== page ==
AARP AARP States Oregon Driver Safety

If I only had a .....

Cool dog with sunglasses enjoying pick-up ride on american highway
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In the film version of L. Frank Baum children’s novel , The Wizard of Oz, each of Dorothy’s imagined friends  has a burning desire, a craving:  they all yearn for some thing (“If I Only Had A….)  “The Scarecrow” wants a brain. The “Tin Man” wants a heart.  The “Lion” deviates from the anatomical wish list – he wants something amorphous: courage.


Living in an ALF I, too, have a “wish list.” I seek independence. And as Henry Ford knew back in 1908, he wasn’t selling “horseless carriages.” His Model Ts  promised independence – “freedom to get away.”


As I sit at the dining room table, across from my friend, Horace, and hear tales of his driving to the gym; driving to his favorite “watering hole”; driving to the doctor; driving hither and thither (maybe “yither, too?) in his 21 st century, Japanese-made Model T.  I transform into a jealous shade of green – he’s independent. He gets away.


Me? It’s like high school again – having friends with cars. Being dependent. Not like Horace’s i ndependence.  I’m gratified to have friends who are friends not chauffeurs.  However, I appreciate both the fact that they have cars and want to have coffee together, go to the movies together, have lunch together, and are available and willing to drive me to medical appointments, theater auditions, and hither and thither.  And then there are my new friends – the drivers of the county ride system for the elderly and disabled.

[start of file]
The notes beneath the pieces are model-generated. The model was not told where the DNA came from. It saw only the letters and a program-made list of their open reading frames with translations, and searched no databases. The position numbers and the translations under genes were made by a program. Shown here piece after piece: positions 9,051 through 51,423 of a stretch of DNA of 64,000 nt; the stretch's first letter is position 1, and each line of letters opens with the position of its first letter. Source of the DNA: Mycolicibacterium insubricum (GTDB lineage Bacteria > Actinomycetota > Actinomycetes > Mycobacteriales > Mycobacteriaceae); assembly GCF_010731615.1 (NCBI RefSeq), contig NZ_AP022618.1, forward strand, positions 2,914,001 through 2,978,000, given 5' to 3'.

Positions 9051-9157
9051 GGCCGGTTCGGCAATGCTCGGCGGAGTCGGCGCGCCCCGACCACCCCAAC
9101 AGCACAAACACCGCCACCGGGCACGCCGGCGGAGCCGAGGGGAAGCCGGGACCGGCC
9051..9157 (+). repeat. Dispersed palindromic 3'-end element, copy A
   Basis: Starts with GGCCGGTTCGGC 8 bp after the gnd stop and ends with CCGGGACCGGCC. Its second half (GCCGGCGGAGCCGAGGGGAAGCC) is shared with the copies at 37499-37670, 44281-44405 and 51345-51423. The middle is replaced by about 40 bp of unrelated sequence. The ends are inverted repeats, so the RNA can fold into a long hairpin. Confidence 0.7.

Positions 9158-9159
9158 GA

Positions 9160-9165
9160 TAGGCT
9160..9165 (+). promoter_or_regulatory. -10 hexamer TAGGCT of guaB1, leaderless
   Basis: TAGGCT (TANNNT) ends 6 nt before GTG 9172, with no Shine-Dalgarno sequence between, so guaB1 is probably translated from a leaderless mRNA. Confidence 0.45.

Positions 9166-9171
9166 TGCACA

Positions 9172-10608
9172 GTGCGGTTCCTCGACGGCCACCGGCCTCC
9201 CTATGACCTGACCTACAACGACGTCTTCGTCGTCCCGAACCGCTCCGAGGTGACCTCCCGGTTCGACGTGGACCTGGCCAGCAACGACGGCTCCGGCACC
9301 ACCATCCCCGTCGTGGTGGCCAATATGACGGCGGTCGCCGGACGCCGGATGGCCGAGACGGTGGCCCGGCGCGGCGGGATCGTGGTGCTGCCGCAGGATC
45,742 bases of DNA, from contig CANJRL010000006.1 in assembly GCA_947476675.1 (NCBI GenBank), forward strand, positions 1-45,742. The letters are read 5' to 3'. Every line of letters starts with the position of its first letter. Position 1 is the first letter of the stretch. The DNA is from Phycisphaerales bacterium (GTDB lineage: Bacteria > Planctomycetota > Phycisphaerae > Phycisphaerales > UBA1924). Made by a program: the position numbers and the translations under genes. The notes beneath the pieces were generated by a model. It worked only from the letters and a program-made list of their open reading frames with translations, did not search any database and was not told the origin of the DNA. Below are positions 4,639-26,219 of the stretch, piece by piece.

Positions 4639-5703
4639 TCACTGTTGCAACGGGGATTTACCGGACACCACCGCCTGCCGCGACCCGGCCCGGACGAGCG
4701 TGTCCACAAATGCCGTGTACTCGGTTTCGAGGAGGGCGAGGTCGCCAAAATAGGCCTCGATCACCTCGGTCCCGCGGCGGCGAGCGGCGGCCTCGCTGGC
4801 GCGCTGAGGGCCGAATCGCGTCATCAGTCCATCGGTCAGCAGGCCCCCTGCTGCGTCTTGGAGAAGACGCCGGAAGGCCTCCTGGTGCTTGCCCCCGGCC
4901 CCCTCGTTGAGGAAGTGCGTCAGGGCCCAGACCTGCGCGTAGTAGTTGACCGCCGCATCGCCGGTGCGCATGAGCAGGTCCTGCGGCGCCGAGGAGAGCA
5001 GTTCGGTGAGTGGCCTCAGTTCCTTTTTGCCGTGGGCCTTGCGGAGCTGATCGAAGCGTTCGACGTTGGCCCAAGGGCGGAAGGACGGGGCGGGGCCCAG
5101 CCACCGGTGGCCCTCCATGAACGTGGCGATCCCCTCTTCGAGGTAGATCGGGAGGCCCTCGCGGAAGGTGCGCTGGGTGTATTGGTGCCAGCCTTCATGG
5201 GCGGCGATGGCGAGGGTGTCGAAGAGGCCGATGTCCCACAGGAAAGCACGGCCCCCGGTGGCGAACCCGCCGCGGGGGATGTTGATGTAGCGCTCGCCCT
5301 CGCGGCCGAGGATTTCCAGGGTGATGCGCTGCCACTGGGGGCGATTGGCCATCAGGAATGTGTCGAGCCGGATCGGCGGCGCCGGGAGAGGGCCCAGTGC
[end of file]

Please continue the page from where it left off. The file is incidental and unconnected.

Well, maybe dependency is not so bad. It brings out the care, compassion, service ethic of folks, and makes me appreciative.

And who am I kidding – with a useless left hand, a disabled right hand, and two disabled legs, am I really going to “See the USA in my Chevrolet?”

Dick Weinman is an AARP Oregon volunteer who lives in #Corvallis. He is our Assisted Living Guru and writes this blog, The Thin Edge of Dignity.

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